Take the opportunity to visit this exhibit, in Winnipeg until Sun., Nov. 5. In addition, a play “Journey of a Lifetime”, presented by BMO Financial Group, runs 11 am & 1 pm on Friday, and 1 pm & 3 pm on the weekend. Admission to play is included with regular admission. Seating is limited and on a first come, first served basis.
One of the oldest cemeteries in Manitoba is calling on members of the McKenzie family to help restore a historical gravesite. Shirley McGimpsey from Dauphin Branch alerted MGS about this news item – her fourth great grandparents are buried in the plot. If you know any of this McKenzie family. please let them know.
The Koha web address is still temporarily changed to koha-opac.bole.ca The icon on the main page does not work. Sorry for the inconvenience. We are trying to get it fixed.
This website from Maryville University, St. Louis, Missouri presents a great deal of information about general genealogy and many valuable links to resources. Although most of the resources listed are from the United States, Canadian researchers will also find the website very useful. Sample topics:
- What Is the Difference Between Family History and Genealogy?
- Ten Effective Strategies on How to Build a Family Tree:
- What Is Genealogical Research? This guide outlines what constitutes genealogical research.
- Online maps
David Obee’s Website provides an excellent list of genealogy resources for every Canadian province.
How to Read Old Documents
Saturday, October 28: 2-4 pm
Elizabeth Briggs presents techniques to read and understand writing from the nineteenth century and earlier. Census returns, church records, wills, and government documents will be used as examples. Participants should bring a pen or pencil and writing paper.
Windsor Park Library, 955 Cottonwood Rd. Phone 204-986-4949 to register. Free admission.
Remembrance Week: Manitoba’s Commemorative Names Program
Monday, November 6: 7-8 pm
Since 1955, the Geographical Names Board of Canada used the names of wartime casualties to identify features required for mapping and resource development. Manitoba’s Provincial Toponymist Des Kappel will discuss places in Manitoba that have been named in honour of our fallen. You will also learn about the resources available for finding information about the people behind the names.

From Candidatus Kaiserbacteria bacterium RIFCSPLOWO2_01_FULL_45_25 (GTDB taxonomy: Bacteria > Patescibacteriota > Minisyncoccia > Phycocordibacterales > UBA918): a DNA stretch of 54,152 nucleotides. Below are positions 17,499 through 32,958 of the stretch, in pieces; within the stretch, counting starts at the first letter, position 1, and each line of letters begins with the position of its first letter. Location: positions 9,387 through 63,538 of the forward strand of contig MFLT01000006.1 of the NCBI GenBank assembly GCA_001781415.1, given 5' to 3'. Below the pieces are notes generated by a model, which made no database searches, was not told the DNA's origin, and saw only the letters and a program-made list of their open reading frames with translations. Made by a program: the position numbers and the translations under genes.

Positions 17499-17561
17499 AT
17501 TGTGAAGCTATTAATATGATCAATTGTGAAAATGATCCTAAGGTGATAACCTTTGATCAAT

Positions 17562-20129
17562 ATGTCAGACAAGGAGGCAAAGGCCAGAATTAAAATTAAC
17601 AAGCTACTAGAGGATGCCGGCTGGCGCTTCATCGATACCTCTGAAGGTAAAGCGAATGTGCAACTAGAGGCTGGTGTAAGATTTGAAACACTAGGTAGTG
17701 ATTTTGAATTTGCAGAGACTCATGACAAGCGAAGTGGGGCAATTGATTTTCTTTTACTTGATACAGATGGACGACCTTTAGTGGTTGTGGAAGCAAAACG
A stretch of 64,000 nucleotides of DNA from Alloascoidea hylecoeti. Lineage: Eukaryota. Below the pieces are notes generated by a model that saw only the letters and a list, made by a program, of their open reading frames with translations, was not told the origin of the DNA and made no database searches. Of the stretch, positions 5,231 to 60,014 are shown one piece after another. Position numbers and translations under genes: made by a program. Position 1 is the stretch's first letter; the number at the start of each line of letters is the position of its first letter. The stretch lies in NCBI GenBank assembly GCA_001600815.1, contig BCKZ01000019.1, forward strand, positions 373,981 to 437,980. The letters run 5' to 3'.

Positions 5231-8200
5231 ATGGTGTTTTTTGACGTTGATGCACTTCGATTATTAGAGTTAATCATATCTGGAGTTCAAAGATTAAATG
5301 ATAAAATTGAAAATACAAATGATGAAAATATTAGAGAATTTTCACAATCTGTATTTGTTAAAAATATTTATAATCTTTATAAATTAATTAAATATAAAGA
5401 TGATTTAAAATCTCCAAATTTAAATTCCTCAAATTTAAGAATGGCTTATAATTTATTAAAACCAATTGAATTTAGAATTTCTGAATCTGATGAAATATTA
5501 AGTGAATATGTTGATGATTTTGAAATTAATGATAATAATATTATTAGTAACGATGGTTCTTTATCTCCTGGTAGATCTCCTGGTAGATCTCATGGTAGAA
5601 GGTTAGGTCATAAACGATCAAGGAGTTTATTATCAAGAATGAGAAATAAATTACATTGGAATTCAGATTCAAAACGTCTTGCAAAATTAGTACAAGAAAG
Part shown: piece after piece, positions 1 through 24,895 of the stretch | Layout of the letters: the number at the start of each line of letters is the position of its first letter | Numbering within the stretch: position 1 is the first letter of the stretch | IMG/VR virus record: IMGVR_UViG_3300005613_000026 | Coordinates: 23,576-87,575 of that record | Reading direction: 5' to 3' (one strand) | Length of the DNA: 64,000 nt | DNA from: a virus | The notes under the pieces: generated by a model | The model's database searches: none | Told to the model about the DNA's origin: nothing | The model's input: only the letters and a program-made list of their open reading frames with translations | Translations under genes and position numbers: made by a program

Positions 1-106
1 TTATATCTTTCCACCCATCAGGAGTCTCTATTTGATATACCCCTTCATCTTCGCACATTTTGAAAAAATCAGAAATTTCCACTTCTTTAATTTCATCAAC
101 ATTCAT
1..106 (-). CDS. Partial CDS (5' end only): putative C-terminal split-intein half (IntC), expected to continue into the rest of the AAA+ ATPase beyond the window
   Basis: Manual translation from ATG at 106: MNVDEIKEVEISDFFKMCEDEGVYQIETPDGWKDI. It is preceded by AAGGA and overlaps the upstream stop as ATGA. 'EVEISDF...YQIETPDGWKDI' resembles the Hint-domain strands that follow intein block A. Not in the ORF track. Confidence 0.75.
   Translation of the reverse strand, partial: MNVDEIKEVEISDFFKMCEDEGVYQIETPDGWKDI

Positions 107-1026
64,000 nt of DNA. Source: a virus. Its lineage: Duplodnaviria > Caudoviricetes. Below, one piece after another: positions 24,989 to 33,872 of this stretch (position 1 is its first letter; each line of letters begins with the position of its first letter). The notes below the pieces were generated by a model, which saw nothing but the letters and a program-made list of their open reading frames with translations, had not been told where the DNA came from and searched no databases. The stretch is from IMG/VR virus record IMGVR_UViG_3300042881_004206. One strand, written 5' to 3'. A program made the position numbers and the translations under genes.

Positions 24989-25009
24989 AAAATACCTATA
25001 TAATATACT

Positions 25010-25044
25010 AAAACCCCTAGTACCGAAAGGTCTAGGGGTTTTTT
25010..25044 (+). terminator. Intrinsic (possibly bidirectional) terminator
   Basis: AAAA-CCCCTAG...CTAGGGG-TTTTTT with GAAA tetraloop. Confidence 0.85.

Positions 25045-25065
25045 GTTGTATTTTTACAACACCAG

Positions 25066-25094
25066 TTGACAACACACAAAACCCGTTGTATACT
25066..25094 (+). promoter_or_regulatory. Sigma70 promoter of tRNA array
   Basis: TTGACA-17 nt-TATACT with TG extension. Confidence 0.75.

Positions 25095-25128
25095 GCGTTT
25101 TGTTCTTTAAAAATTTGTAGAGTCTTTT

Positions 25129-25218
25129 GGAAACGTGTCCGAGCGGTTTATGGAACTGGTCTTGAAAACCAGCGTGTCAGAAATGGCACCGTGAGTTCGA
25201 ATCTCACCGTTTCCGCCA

Millennium Library, Carol Shields Auditorium, 251 Donald St. Phone 204-986-6450 to register. Free admission.
Sunday, October 1, 2017
To commemorate the Centennial of the Battle of Vimy Ridge
Camp Hughes Military Training Site is located 10 km west of Carberry on Hwy #1, turn South at Junction of Hwy #351 and follow the signs.
Experience a day in the life of the soldiers who trained at this Military Training Camp in 1916…the same soldiers who helped capture Vimy Ridge in April of 1917. This site is one of the few places in the world (and the only place in North America) where trench works of the time remain in existence. It’s been designated both a Provincial Heritage Site and a National Historic Site of Canada. Over ten thousand metres of trenches exist; including an enemy trench system and a “No Man’s Land”. Presenters in period uniforms will guide tours of the trench system and even encourage visitors to go “Over the Top” in a simulated trench assault. Each tour will be an hour in duration beginning at 1200 hrs with the last tour starting at 1500 hrs. Visitors are encouraged to bring water bottles and wear sturdy hiking footwear and suitable attire for the weather conditions.
Barbara Mitchell, the Hudson’s Bay Company Archives, and University of Regina Press cordially invite you to celebrate a book launch for
“MAPMAKER: PHILIP TURNOR IN RUPERT’S LAND IN THE AGE OF ENLIGHTENMENT”
by Barbara Mitchell
Date: Wednesday, October 11, 2017
Time: 5:00 to 7:00 pm
Location: Archives of Manitoba, 200 Vaughan Street, Winnipeg, MB
Copies of the book will be available for purchase. Please RSVP (204) 945-4949 or email@example.com.
Philip Turnor was the first inland surveyor for the Hudson’s Bay Company and the man who taught the explorers David Thompson and Peter Fidler how to survey. Between 1778 and 1792, Turnor and his guides travelled over 15,000 miles by canoe and foot to produce ten maps, which laid the foundation for all northern geographic knowledge at that time. Yet until now, Turnor has remained a lesser known figure. In Mapmaker, Turnor’s inaugural biography, Barbara Mitchell brings this surveyor to life, while also discovering her own ancestry as one of thousands of descendants of Turnor and his Cree wife.
East European Genealogy
Saturday, October 21: 2-4 pm
Members of the East European Genealogical Society will discuss resources available for beginner genealogists of Ukrainian, Polish and German ancestry and how to access them. Both printed and online resources will be covered.
Westwood Library. 66 Allard Ave. Phone 204-986-4744 to register. Free admission.
North America & Eastern Europe – Wed., October 25: 10:30 am-12:30 pm
U.K & Ireland – Wed., November 1: 10:30 am-12:30 pm
Elizabeth Briggs demonstrates basic websites covering census information, vital statistics and directories. She will also present information on free software available to genealogists, as well as resources specific to national and ethnic groups. This program is hands-on using computers. Basic computer and internet skills required.
Millennium Library, Computer Training Lab, 251 Donald St. Phone 204-986-6450 to register. Free admission.